Tested the hypothesis that attributes of the persons being perceived can moderate the effect of the perceiver's motivation on impression formation. 175 female and 105 male undergraduates rated, via semantic differential scales, 2 persons whom they had observed (via videotape) working together on a series of tasks. The relative status of these target persons was manipulated through different introductions to the stimulus tape. Results support the hypotheses that the perceivers' dominance and dependency motives would interact with the status of the target persons to affect the favorability of impressions. More specifically, dependency-oriented perceivers evaluated the same person more favorably when she/he was presented as possessing a high rather than a low status, whereas the reverse was true for dominance-oriented perceivers. Results are discussed in terms of their support for a complex approach to understanding person-perception processes, one that takes into account both personal and situational factors. (30 ref) (PsycINFO Database Record (c) 2006 APA, all rights reserved).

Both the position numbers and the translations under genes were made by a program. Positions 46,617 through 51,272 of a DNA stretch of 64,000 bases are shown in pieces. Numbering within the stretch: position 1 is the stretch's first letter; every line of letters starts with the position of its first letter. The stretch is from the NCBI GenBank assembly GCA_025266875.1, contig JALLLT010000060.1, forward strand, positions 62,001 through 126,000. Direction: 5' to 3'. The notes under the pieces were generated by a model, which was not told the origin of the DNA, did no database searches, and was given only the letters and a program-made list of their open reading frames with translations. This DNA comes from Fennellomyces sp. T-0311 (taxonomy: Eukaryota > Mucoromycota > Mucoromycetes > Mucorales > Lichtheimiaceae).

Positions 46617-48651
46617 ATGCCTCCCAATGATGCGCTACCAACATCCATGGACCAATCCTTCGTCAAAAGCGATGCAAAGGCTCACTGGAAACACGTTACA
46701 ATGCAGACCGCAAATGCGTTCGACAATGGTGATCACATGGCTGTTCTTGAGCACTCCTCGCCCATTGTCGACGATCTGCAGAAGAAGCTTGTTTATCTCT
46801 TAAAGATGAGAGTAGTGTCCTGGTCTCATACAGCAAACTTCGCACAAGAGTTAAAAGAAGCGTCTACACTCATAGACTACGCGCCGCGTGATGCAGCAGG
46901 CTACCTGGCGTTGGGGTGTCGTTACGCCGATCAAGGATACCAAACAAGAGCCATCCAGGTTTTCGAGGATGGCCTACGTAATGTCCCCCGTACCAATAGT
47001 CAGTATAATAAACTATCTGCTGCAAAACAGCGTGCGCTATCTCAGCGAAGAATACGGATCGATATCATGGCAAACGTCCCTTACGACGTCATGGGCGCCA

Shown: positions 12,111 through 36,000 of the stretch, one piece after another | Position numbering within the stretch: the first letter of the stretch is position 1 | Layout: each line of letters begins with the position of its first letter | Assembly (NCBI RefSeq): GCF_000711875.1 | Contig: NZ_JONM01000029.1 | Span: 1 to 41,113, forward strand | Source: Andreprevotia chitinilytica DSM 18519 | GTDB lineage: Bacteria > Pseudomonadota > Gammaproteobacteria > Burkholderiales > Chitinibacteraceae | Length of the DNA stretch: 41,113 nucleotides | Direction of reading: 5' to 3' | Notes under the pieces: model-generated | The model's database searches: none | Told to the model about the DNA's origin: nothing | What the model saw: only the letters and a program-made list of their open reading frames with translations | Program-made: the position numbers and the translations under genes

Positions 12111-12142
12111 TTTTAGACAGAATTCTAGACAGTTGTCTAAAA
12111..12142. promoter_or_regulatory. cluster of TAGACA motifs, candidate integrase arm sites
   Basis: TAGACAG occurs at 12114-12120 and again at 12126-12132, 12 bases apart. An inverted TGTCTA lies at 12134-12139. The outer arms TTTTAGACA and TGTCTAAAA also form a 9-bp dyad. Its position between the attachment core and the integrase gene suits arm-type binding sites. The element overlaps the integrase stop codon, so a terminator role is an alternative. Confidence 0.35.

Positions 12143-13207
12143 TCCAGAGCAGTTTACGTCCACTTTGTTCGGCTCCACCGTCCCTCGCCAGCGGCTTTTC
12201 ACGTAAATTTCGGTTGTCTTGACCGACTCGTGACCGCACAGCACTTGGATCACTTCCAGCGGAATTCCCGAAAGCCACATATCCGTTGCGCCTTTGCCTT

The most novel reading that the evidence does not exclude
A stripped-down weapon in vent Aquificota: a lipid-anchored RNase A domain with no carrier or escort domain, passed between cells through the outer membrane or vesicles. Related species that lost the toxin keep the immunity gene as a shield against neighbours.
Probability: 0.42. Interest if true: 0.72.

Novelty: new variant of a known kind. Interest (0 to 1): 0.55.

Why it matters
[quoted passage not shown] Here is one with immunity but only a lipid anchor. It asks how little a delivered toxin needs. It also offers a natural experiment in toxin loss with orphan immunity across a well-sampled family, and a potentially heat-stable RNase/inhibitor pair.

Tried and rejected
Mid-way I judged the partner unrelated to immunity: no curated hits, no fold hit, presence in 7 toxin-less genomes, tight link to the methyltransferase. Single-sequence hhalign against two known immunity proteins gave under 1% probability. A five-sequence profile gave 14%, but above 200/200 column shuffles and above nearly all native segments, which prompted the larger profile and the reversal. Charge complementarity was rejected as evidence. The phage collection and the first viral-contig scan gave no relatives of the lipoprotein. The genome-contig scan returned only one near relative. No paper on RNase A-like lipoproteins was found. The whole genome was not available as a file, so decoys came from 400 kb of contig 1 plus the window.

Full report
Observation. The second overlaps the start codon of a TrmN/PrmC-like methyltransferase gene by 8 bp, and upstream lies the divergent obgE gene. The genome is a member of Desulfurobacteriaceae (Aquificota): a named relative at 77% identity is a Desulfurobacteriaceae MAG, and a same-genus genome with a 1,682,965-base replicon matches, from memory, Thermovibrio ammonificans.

- attribute relevance of perceived, dependency & domination motives in impression formation of perceiver, college students